Tioga8,727124
Tompkins13,721219
Ulster26,093374
Warren10,883154
Washington9,677129
Wayne13,919137
Westchester222,7322,474
Wyoming7,08188
Yates2,69738

Below is data that shows how many hospitalized individuals who have tested positive for COVID-19 were admitted for COVID-19/COVID-19 complications and how many were admitted for non-COVID-19 conditions:

RegionCOVID-19 Patients currently hospitalizedAdmitted due to COVID or complications of COVID% Admitted due to COVID or complications of COVIDAdmitted where COVID was not included as one of the reasons for admission% Admitted where COVID was not included as one of the reasons for admission
Capital Region39930777%9223%
Central New York30222474%7826%
Finger Lakes71143862%27338%
Long Island2,2541,40362%85138%
Mid-Hudson1,37590666%46934%
Mohawk Valley15810868%5032%
New York City6,5233,36252%3,16148%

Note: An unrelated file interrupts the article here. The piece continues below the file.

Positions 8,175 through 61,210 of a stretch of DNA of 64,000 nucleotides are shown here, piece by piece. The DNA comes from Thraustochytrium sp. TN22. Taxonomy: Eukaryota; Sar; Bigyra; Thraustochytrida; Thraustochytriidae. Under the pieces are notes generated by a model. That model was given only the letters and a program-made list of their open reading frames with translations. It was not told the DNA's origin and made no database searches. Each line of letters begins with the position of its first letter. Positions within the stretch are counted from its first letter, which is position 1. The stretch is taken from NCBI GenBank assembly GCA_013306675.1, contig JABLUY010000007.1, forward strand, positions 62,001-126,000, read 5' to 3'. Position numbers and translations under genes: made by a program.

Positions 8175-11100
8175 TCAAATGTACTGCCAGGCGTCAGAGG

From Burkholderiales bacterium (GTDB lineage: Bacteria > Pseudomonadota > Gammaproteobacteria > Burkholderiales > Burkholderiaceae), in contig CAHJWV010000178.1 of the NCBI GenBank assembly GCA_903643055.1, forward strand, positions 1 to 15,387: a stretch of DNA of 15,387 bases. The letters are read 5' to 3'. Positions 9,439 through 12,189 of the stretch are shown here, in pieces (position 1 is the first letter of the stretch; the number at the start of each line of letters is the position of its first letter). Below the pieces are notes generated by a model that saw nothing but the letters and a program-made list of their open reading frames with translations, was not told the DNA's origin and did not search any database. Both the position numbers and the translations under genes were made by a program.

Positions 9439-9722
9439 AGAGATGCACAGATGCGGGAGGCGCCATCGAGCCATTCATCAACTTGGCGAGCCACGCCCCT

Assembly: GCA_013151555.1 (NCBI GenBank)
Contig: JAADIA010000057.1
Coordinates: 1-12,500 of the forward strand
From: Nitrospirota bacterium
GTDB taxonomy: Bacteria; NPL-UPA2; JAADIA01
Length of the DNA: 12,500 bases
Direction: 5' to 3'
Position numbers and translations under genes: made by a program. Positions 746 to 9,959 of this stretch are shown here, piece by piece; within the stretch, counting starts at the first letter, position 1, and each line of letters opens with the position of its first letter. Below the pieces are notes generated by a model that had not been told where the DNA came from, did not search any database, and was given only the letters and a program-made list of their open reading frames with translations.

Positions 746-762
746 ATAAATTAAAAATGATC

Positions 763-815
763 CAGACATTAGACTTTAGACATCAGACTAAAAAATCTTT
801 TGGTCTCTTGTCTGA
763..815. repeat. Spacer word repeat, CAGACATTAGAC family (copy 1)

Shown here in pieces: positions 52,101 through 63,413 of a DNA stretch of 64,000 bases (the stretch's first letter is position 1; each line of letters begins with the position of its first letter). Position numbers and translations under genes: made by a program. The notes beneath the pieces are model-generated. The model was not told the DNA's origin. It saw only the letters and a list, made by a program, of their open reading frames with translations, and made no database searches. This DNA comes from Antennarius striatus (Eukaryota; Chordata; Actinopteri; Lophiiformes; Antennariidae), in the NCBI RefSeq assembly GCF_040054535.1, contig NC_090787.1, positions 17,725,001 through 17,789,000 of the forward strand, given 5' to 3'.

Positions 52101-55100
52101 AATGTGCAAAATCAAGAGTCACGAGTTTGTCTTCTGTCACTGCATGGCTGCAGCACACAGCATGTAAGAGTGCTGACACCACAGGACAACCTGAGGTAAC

North Country1036462%3938%
Southern Tier21412157%9343%
Western New York63241566%21734%
Statewide12,6717,34858%5,32342%

The Omicron variant now represents more than 95% of the viruses in circulation. For more information on variant tracking, please visit here: (COVID-19 Variant Data | Department of Health (ny.gov).

Yesterday, 166 New Yorkers died due to COVID-19, bringing the total to 49,955. A geographic breakdown is as follows, by county of residence:   

Deaths by County of Residence 
County New Deaths 
Albany1
Bronx20
Cayuga1
Clinton1
Dutchess3
Erie7
Essex1
Franklin1
Fulton1
Herkimer1
Kings31
Manhattan14
Monroe3
Nassau8
Niagara1
Oneida2
Onondaga2
Ontario1
Orange4
Oswego1
Putnam1
Queens22
Rensselaer1
Richmond5
Rockland2
Saratoga1
Schenectady2
Schoharie1
Seneca1
St. Lawrence1
Steuben2
Suffolk17
Warren1
Westchester5

All New York State mass vaccination sites are open to eligible New Yorkers aged 5 and older, with walk-in vaccination available at all sites on a first-come, first-serve basis for people aged 12 and older. Information on which sites require appointments for children in the 5-11 age group is available on our website. People who prefer to make an  appointment at a state-run mass vaccination site can do so on the Am I Eligible App or by calling 1-833-NYS-4-VAX. People may also contact their local health department, pharmacy, doctor or hospital to schedule appointments where vaccines are available, or visit vaccines.gov to find information on vaccine appointments near them.